Research Apprenticeship Program
School of Communication faculty work diligently to mentor students to appreciate and conduct research that prepares them to achieve their professional, career, or personal goals in a complex, diverse, and changing world. These activities are rewarding to students, who learn hands-on about how research projects are managed, conducted, and reported. Our faculty teach students to critically engage in their courses and investigate their research questions, while simultaneously advancing the goals of the university (by supporting institutional student success goals), discipline (by mentoring the next generation of the scholarly community), and greater community (by training students to be skilled professionals in synthesizing research, gathering empirical data, analyzing results, and communicating findings). The School of Communication Research Apprenticeship Program (RAP) means to further this important work!
Dr. Savage leads the RAP Program. Underserved, first-generation, and underrepresented students are especially requested to apply for the program; all undergraduate students are welcome to apply. The RAP provides an opportunity for School of Communication undergraduates to work with graduate students or faculty members on the cutting-edge research projects for which the School of Communication is known. Dr. Savage will be the broker between available faculty projects (or graduate thesis projects) and interested undergraduate students. Once assigned an apprenticeship, students will meet regularly with their assigned graduate student or faculty for research mentoring to earn 1 unit of academic credit (supervised by Dr. Savage, who will meet regularly to train and manage all apprentices).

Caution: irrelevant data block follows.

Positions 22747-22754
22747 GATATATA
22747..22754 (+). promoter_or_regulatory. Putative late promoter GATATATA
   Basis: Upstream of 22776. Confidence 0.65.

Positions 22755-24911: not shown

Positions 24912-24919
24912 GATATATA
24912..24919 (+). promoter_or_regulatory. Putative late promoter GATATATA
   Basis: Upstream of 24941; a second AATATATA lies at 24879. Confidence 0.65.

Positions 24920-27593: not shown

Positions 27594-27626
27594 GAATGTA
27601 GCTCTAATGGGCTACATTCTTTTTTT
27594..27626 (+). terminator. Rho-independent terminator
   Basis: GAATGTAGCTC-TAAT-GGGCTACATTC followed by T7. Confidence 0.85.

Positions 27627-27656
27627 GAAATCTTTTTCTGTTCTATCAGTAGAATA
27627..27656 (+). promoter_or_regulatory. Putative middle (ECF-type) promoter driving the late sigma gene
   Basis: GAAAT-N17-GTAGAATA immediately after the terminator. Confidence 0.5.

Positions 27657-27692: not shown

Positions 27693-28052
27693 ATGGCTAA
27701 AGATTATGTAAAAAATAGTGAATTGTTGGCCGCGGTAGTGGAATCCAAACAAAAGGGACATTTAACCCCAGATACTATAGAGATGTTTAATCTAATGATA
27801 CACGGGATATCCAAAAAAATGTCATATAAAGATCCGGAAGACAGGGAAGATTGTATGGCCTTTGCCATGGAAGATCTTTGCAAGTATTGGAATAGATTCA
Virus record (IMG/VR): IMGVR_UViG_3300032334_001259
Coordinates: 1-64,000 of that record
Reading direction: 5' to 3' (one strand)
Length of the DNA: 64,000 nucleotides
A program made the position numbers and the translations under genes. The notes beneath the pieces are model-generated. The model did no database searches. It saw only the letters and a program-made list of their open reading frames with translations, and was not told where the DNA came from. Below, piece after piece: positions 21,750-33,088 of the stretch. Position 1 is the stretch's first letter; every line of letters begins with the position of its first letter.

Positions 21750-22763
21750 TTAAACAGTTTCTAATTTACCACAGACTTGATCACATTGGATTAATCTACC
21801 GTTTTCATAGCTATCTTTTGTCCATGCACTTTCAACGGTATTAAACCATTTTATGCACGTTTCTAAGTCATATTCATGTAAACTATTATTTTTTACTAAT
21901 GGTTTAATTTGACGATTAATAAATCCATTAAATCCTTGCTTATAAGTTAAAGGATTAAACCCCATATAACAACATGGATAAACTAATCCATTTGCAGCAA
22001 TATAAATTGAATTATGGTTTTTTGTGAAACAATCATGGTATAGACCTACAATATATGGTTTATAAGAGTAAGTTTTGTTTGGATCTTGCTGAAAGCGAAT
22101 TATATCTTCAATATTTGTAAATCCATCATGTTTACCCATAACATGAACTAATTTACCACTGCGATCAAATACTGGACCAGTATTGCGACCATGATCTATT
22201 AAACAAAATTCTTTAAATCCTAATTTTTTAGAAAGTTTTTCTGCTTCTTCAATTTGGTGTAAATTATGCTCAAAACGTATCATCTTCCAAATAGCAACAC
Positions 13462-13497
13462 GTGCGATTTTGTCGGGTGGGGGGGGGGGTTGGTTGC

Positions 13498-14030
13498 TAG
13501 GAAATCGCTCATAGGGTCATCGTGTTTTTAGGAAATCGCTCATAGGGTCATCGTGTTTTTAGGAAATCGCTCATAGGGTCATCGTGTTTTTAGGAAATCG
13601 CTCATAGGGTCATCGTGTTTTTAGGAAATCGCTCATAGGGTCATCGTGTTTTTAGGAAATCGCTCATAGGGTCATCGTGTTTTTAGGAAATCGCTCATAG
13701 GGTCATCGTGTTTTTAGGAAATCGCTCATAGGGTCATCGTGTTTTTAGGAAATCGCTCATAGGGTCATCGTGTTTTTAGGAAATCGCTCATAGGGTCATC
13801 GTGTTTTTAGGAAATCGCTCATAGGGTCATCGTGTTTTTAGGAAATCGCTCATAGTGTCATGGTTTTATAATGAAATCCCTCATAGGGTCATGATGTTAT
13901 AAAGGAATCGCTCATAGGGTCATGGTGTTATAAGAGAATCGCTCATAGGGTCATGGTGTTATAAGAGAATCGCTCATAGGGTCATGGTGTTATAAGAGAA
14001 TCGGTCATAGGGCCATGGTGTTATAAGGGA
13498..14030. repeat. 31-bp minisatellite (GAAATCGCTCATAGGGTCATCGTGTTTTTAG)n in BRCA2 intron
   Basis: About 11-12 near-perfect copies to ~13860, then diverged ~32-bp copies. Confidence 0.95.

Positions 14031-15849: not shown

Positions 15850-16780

Students will be commended with a Research Apprentice Certificate if they complete over 30 hours of research work in the course of a semester. Through mentoring, advising, and outreach, the program is designed to stimulate awareness of advanced research, as well as interest in graduate study.
Testimonial -- Tava Espinoza, Fall 2017-Spring 2018 Research Apprentice:
"As an undergraduate student on Dr. Savage’s research team I felt that my skills in conducting research and the knowledge acquired from my major classes were put to the test! This was an opportunity to perform at a higher academic level, which I think any other student could benefit. My favorite experiences were: learning the process of developing a research paper with the intention of publication, taking the steps necessary to participate in the annual SDSU Student Research Symposium, and working with a group where I felt genuinely valued and supported. My involvement in a research team provided me with the understanding of how these practices will shape my career aspirations, and the confidence to seek out other similar collaborative projects in the future.”